If we weren't already concerned about the impact of agriculture and other human activity on the streams of the Driftless Area, the Rush Creek Fish Kill in early August brought it front and center. Restoring and protecting this unique and fragile area is going to take a watershed-level effort: from upland farm fields that feed the aquifers, to the riparian zone which provides cover, spawning grounds, and a connection with the floodplain.
There is hope. Most Minnesota farmers are conscientious stewards of their land, and their efforts make a real difference in the health of watersheds, The Land Stewardship Project (LSP) has been working in Minnesota for 40 years to foster an ethic of stewardship for farmland, to promote sustainable agriculture, and to develop healthy communities. Sean Carroll of the LSP will give us a primer on "farming 101" and talk about practices and policies that can help farmers to restore Driftless watersheds. Sean will be followed by Dustan Hoffman of MNTU, who will talk about our streamside work. He’ll cover eleven Habitat Improvement projects, the work required to maintain projects, and Invasive Vegetation Management projects. He’ll discuss the process of determining project locations with DNR Fisheries staff and offer folks his two cents on where to focus fall angling efforts. If you care about the long-term health of our Driftless Area streams, don't miss this event.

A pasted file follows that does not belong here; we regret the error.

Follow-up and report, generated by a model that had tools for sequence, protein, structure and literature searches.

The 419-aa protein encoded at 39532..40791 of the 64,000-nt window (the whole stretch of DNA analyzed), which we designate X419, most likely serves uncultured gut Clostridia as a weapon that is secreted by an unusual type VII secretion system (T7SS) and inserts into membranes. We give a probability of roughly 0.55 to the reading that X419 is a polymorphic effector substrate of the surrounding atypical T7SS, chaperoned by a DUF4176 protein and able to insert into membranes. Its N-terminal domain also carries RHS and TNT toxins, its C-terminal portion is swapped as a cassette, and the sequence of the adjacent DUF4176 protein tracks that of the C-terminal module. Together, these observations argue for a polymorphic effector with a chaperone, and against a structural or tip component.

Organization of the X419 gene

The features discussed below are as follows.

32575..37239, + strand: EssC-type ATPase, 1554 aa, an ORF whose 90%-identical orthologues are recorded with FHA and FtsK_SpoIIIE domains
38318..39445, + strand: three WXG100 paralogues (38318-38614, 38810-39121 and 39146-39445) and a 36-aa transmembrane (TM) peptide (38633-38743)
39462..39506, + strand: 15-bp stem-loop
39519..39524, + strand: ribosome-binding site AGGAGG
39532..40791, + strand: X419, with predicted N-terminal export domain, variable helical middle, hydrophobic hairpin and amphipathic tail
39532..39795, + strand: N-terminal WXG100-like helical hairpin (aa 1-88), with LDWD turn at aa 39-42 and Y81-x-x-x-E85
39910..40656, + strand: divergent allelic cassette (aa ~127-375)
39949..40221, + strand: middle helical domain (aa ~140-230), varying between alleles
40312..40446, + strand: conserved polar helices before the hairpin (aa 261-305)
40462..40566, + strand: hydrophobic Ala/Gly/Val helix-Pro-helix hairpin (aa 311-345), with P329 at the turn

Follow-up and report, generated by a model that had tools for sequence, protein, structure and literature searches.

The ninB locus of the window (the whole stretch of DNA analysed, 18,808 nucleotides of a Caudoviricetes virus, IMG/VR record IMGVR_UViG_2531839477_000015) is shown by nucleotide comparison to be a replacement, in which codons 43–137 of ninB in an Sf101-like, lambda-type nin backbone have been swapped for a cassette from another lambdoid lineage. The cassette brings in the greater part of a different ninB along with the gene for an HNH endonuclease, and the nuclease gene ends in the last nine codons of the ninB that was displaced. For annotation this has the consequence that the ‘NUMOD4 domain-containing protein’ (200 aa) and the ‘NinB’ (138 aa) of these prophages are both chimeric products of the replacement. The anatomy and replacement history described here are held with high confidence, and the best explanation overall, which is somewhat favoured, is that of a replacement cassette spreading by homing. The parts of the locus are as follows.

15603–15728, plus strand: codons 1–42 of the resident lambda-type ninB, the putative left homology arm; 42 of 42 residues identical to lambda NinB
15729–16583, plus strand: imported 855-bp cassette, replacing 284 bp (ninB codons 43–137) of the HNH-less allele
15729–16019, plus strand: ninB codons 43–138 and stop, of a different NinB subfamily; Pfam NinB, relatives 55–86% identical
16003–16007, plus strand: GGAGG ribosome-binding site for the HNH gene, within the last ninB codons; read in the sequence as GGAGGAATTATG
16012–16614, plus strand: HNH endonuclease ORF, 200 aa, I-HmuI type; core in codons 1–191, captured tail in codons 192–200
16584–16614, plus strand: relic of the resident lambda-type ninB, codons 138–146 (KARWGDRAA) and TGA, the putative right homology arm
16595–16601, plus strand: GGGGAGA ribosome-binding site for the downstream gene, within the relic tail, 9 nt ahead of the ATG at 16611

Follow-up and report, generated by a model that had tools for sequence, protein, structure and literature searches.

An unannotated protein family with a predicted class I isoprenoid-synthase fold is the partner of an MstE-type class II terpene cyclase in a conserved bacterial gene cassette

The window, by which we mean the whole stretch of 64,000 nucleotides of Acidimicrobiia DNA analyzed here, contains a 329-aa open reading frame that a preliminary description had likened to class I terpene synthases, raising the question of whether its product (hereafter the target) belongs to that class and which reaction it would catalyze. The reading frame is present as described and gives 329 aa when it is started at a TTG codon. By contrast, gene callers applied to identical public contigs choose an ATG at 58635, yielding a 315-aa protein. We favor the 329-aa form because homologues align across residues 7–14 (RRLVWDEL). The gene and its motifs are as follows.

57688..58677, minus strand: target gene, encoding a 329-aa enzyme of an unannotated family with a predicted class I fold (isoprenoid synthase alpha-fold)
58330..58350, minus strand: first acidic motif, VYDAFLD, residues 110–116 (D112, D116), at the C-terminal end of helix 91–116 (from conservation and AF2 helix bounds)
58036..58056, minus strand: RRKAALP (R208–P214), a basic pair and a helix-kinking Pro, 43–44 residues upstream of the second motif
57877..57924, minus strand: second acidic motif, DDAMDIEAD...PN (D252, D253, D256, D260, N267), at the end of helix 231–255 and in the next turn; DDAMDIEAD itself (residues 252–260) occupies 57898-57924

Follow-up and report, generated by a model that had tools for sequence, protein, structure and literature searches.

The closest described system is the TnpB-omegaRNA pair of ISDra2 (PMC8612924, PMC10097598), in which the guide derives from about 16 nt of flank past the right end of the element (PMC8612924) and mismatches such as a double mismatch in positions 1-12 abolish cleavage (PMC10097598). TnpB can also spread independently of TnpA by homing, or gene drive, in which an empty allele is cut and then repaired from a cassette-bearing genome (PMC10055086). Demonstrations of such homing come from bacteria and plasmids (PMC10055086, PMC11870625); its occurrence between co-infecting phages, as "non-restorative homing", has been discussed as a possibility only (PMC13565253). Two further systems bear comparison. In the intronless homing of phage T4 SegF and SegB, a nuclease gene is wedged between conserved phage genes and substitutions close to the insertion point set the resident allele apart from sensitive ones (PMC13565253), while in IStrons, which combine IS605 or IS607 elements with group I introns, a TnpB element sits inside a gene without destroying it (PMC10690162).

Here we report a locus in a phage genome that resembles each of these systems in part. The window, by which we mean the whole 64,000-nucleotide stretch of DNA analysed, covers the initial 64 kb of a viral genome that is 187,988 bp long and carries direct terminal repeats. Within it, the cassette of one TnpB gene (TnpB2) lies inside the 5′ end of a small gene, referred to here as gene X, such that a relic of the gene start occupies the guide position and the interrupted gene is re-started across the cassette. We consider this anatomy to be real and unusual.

Sean Carroll recently received a master’s degree in public affairs from the University of Minnesota’s Humphrey School of Public Affairs. He has over 15 years organizing experience, and has worked as the national field director for the HEAL Food Alliance, organizing director for the RE-AMP Network, and federal field associate for Environment California.
Dustan "Dusty" Hoffman still remembers his first trout, a nine-inch brookie from a tiny stream near his birthplace of Green Bay, WI. Twenty years ago, he moved to Winona to pursue a life of trout chasing. This led to an education in Environmental Biology, followed by a career in conservation work. He currently serves as MNTU's Southeast Minnesota Project Manager.
Our meeting will be in-person, with a Zoom option for those who prefer to attend remotely. The Chapter meeting will start at 7 pm, with 10 minutes of "virtual lobby time" to give online participants time to log on. In-person participants are invited to join us for social time and food/drink (on your own dime) from 5 pm onward.
TU Chapter meetings are open to anybody, but if you are not a TU member, we'd be delighted if you would join! For a special introductory offer to join TU, click here.
Chapter meetings are free of charge. However, a donation to TCTU would be highly appreciated! To donate, click here.